Tobacco industry interference holds back efforts to stamp out smoking

26 July 2019
Telegraph

Tobacco industry interference with government policy is hampering global efforts to stamp out smoking, a new report warns. 

study by the World Health Organization looking at global progress towards ending the “tobacco epidemic” shows that many countries are lagging behind in implementing policies proven to reduce levels of smoking.

The WHO’s Framework Convention on Tobacco Control, agreed by nearly all countries of the world, lays out specific measures that governments should implement to help their citizens quit smoking.

The measures – which include policies such as smoking bans, graphic warnings on packaging, high levels of taxation and advertising restrictions – are proven to help encourage smokers to quit tobacco, thus saving lives from the growing burden of non-communicable diseases such as cancer and reducing health care expenditure.

However, just two countries – Turkey and Brazil – have implemented all six recommended measures at the toughest possible level to encourage smokers to quit.

The report shows that in 2017 there were about 1.4 billion tobacco users aged 15 and above worldwide. That number has only declined slightly since 2007 when there were 1.46 billion smokers. However, the proportion of smokers globally has fallen from 22.5 per cent to 19.2 per cent over the same period – a 15 per cent reduction. 

There are some five billion people living in countries that have implemented smoking bans, graphic warnings on packaging and other control measures – four times as many as a decade ago. However, the WHO report shows that many countries are still not doing enough – and tobacco industry interference is holding back progress.

The report highlights the range of tactics cigarette firms employ to influence policy such as setting up front groups to fabricate support, influencing scientists, making unproven claims and exaggerating the economic importance of the industry.

The report highlights the Foundation for a Smoke-Free World, fully funded by cigarette company Philip Morris International.

The foundation, which was established with a grant of $80 million a year over 12 years, funds research programmes and studies that are supportive of so-called “reduced risk” tobacco products, such as e-cigarettes or devices that heat rather than burn tobacco. The cigarette companies say this makes them less harmful/ 

The foundation offers funding to governments, universities, UN agencies, other international bodies and the public health community to encourage smokers to use these products, the report warns.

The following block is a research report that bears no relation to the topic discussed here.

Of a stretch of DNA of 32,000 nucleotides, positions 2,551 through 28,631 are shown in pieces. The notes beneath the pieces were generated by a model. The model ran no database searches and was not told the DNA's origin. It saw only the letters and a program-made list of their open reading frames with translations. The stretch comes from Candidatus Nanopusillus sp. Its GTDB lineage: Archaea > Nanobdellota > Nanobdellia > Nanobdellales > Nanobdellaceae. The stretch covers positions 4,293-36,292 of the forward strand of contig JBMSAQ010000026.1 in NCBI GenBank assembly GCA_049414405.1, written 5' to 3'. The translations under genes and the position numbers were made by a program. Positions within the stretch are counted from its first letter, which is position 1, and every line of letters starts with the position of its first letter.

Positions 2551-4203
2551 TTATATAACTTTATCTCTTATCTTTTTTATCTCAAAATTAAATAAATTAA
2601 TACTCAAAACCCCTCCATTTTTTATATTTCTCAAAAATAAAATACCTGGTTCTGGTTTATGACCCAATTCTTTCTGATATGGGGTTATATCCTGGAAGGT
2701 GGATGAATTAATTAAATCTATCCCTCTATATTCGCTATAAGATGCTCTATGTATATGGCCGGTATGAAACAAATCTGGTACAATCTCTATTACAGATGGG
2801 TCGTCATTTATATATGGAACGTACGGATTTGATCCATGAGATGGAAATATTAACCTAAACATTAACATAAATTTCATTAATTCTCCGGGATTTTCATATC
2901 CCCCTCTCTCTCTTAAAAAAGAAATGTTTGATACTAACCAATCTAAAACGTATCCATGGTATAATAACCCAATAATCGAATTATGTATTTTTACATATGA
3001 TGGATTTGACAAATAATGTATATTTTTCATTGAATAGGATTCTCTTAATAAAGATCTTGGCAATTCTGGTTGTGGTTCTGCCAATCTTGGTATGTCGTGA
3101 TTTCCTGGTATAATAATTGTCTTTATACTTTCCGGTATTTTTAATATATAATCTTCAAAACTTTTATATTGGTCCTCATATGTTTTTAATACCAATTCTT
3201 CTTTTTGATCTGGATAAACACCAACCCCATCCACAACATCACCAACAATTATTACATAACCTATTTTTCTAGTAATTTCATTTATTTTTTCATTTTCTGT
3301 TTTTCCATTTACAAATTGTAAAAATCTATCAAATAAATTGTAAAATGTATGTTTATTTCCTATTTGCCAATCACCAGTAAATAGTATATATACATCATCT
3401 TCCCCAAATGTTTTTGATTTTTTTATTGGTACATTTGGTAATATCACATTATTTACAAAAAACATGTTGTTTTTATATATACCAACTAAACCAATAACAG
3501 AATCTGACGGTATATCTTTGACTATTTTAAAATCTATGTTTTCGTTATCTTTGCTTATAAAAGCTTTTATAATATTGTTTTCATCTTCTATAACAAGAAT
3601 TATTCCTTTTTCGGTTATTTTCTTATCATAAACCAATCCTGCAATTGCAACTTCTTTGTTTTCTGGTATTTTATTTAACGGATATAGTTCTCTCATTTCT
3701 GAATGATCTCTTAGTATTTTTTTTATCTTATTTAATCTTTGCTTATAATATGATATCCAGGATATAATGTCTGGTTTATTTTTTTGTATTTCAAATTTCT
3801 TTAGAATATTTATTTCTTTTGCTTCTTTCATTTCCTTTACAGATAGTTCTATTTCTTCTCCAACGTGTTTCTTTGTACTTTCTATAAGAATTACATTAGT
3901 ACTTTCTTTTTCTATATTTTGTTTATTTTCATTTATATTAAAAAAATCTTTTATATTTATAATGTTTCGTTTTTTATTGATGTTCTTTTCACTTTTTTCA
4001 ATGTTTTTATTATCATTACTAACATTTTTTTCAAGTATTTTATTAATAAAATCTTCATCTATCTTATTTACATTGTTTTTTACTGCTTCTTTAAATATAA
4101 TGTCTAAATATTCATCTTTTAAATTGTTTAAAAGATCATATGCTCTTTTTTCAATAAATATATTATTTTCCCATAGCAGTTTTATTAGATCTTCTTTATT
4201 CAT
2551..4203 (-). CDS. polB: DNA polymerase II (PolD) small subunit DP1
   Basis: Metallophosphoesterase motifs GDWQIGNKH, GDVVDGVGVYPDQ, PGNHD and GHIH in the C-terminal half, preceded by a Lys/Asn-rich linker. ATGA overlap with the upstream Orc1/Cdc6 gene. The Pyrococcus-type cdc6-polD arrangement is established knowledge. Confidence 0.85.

The WHO has said that it will not partner with the organisation and has urged governments to follow its lead.

Last year Bloomberg Philanthropies, which funded the WHO report, established Stopping Tobacco Organizations and Products (Stop), the world’s first tobacco industry watchdog. Stop has launched an online database, highlighting a wide range of organisations in 22 countries acting as what it describes as “tobacco industry allies” – organisations which purport to be independent but which receive funding from the tobacco industry and promote the tobacco companies’ agenda.

In the UK, the organisations it highlights include the free-market think tanks the Adam Smith Institute and the Institute of Economic Affairs, which it says have both taken funding from the tobacco industry and have both promoted pro-tobacco policies. 

Dr Kelly Henning, who leads the public health programme at Bloomberg Philanthropies, said tobacco industry interference was one of the key reasons why tobacco control policies were not introduced. 

“One of the places where we see some of the most obvious and most direct interference are initiatives around raising tobacco tax. The tobacco industry will very often have easy access to ministers of finance and will suggest that raising tobacco taxes will reduce revenue and harm business. And we know from research this is not the case,” she said.

She said that in Indonesia tobacco firms have worked with groups of farmers to raise fears over the impact of tobacco reduction.

“It takes time for people to quit and farmers have time to adapt and prepare. We haven’t seen massive unemployment in farmers,” said Dr Henning. 

The report says that provision of stop smoking services must be increased – some 2.4billion people live in countries which now provide full stop smoking services but only 23 countries provide these services at best practice level. 

Smoking cessation services include national free quit lines, mobile phone services, counselling and free nicotine replacement therapy. 

Just four per cent of people who want to quit smoking manage to do so without help, the report warns. Nicotine replacement therapy, such as patches, are the most effective aids to quitting.